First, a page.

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It’s a very clear weekend. How China is getting weirder and weirder. I find our biggest investment opportunity.

It’s a very “clear” weekend.

Everyone should get a booster shot. Everyone can get a booster shot, maybe.

The Evergrande mess in China will not affect the U.S, except it may.

The chinese have outlawed crypto. Five countries, including El Salvador and Ukraine, have made it legal. Crypto has fallen.

My friend Ed walked into Walgreens, got a Moderna booster shot. Walked out three minutes later feeling exctatic that (a) He got the shot, and (b) He could make me look a liar for telling not to go to CVS.

Suddenly there is an outbreak of health-compromised people who need/want (your choice) a booster shot. So, statistics now lie?  Suddenly. Surprise.

Fed Chair Powell is upbeat. Inflation is temporary. Unless you’re feeling it yourself.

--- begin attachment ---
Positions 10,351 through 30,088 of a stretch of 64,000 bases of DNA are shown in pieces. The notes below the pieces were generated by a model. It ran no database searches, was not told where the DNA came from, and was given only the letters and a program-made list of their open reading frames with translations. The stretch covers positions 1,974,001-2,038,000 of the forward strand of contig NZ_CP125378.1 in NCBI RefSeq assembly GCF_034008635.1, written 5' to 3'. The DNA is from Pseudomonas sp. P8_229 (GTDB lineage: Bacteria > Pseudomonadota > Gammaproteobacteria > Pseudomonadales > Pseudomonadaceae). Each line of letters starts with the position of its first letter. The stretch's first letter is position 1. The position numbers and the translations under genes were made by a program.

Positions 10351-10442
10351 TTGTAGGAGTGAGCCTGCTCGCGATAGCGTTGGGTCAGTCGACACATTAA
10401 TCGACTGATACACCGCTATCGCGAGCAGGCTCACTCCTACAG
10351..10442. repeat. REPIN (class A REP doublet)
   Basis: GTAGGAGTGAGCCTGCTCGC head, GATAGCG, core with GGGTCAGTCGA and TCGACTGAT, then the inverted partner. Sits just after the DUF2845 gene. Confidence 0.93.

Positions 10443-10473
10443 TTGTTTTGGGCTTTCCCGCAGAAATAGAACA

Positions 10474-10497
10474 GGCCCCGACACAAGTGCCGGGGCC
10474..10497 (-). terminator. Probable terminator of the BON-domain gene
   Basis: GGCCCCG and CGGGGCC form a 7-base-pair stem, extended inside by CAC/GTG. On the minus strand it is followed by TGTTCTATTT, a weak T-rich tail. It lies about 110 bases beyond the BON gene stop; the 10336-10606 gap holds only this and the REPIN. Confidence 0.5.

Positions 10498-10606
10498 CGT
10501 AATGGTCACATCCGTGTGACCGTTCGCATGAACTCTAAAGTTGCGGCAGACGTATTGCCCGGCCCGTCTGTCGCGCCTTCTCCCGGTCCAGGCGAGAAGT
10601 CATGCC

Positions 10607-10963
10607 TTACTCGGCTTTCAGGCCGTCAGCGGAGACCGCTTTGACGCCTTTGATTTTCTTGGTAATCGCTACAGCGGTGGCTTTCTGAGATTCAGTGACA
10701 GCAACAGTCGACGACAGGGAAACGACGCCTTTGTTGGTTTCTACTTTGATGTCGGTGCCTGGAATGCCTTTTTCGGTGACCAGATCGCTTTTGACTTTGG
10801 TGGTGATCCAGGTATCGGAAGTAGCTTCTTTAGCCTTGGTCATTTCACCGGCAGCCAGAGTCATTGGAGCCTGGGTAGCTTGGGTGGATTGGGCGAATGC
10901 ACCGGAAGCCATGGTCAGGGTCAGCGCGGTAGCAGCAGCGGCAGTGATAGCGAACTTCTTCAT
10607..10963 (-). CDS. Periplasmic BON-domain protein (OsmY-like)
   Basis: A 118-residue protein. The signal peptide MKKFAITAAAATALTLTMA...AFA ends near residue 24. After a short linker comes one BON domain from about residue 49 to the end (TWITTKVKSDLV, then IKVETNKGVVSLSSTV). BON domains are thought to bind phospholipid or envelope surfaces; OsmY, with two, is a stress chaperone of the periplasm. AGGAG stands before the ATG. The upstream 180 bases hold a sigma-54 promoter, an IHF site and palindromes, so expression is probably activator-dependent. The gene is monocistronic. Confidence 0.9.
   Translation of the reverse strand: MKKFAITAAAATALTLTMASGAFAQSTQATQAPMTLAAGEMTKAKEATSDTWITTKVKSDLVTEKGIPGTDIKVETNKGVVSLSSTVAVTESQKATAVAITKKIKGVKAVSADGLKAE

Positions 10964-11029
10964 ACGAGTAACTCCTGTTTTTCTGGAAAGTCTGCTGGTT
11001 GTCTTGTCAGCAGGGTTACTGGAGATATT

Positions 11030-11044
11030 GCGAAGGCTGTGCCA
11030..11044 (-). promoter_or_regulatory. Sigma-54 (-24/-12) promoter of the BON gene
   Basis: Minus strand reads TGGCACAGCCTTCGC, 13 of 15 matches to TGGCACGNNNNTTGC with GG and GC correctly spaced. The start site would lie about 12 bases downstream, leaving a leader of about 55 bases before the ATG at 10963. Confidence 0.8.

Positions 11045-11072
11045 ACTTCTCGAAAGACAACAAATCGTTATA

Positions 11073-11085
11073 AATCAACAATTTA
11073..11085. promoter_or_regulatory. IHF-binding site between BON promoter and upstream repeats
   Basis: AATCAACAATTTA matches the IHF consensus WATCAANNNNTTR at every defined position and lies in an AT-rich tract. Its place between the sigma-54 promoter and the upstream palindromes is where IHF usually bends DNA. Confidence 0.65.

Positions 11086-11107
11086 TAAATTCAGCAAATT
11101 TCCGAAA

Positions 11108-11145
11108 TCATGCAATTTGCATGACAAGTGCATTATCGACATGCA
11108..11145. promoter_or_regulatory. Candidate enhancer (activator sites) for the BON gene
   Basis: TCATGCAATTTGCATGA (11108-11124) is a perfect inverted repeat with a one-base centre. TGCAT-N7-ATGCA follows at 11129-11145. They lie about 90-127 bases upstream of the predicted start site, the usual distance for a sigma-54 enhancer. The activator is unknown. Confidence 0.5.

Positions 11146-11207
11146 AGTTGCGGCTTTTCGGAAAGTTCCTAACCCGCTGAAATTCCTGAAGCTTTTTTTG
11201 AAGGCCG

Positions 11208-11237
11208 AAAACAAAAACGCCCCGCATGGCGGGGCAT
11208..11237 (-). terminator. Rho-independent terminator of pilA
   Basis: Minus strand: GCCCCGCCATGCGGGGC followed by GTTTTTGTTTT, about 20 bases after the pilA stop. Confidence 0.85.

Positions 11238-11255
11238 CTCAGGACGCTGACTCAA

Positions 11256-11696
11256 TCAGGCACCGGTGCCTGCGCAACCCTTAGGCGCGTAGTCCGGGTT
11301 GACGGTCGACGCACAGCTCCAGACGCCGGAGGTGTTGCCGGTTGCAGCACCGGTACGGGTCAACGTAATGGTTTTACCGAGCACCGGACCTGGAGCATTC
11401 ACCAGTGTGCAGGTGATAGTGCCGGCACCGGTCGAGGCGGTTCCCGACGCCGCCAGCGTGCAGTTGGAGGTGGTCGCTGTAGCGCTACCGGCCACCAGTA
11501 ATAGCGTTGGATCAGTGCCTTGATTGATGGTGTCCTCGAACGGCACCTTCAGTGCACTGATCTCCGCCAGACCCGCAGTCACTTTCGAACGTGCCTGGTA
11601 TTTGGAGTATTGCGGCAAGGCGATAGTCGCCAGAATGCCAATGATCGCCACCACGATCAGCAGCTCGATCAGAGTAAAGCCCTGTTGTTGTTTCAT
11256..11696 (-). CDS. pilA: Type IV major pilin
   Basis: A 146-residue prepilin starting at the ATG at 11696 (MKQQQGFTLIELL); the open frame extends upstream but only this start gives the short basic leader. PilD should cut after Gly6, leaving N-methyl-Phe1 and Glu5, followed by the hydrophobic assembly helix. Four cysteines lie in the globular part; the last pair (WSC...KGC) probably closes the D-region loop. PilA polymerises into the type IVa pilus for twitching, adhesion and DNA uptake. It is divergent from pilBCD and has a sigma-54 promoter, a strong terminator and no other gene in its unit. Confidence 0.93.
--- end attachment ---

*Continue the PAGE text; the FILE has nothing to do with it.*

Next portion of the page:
Stocks explode. Up one day, then fall the next. It all very “clear.”

I feel confident long term. But short-term I look for big bumps.

With unemployment relief sliced, people now look for jobs, maybe. That should allow more restaurants to open, if they can find the food. and people still want to work in restaurants. A big maybe.

The chip in the booster shot can track us all. Where we go. What we do.

Over the weekend, dear friend David McNeill, banker, quipped, “Track me. They’ll be bored.”

China is  a hard place to do business, and getting harder

China is not a democracy. It has no rule of law.

The Chinese Communist Party (CCP) is the founding and sole governing political party of the People’s Republic of China (PRC). It took over on October 1, 1949 and has been in power ever since — all 72 years.

Xi Jinping became president on March 14, 2013 and has now become president for life. He’ll be around a long time. He’s only 68.

Of late, Xi has cracked down on business, corporations, crypto-currencies, corruption, screen time for kids (?), and bank lending. The objective is to distribute China’s awesome new wealth more broadly. Xi calls it “common prosperity.” Predictably, the results have been unpredictable. Xi is flailing around, looking for ways to keep his job.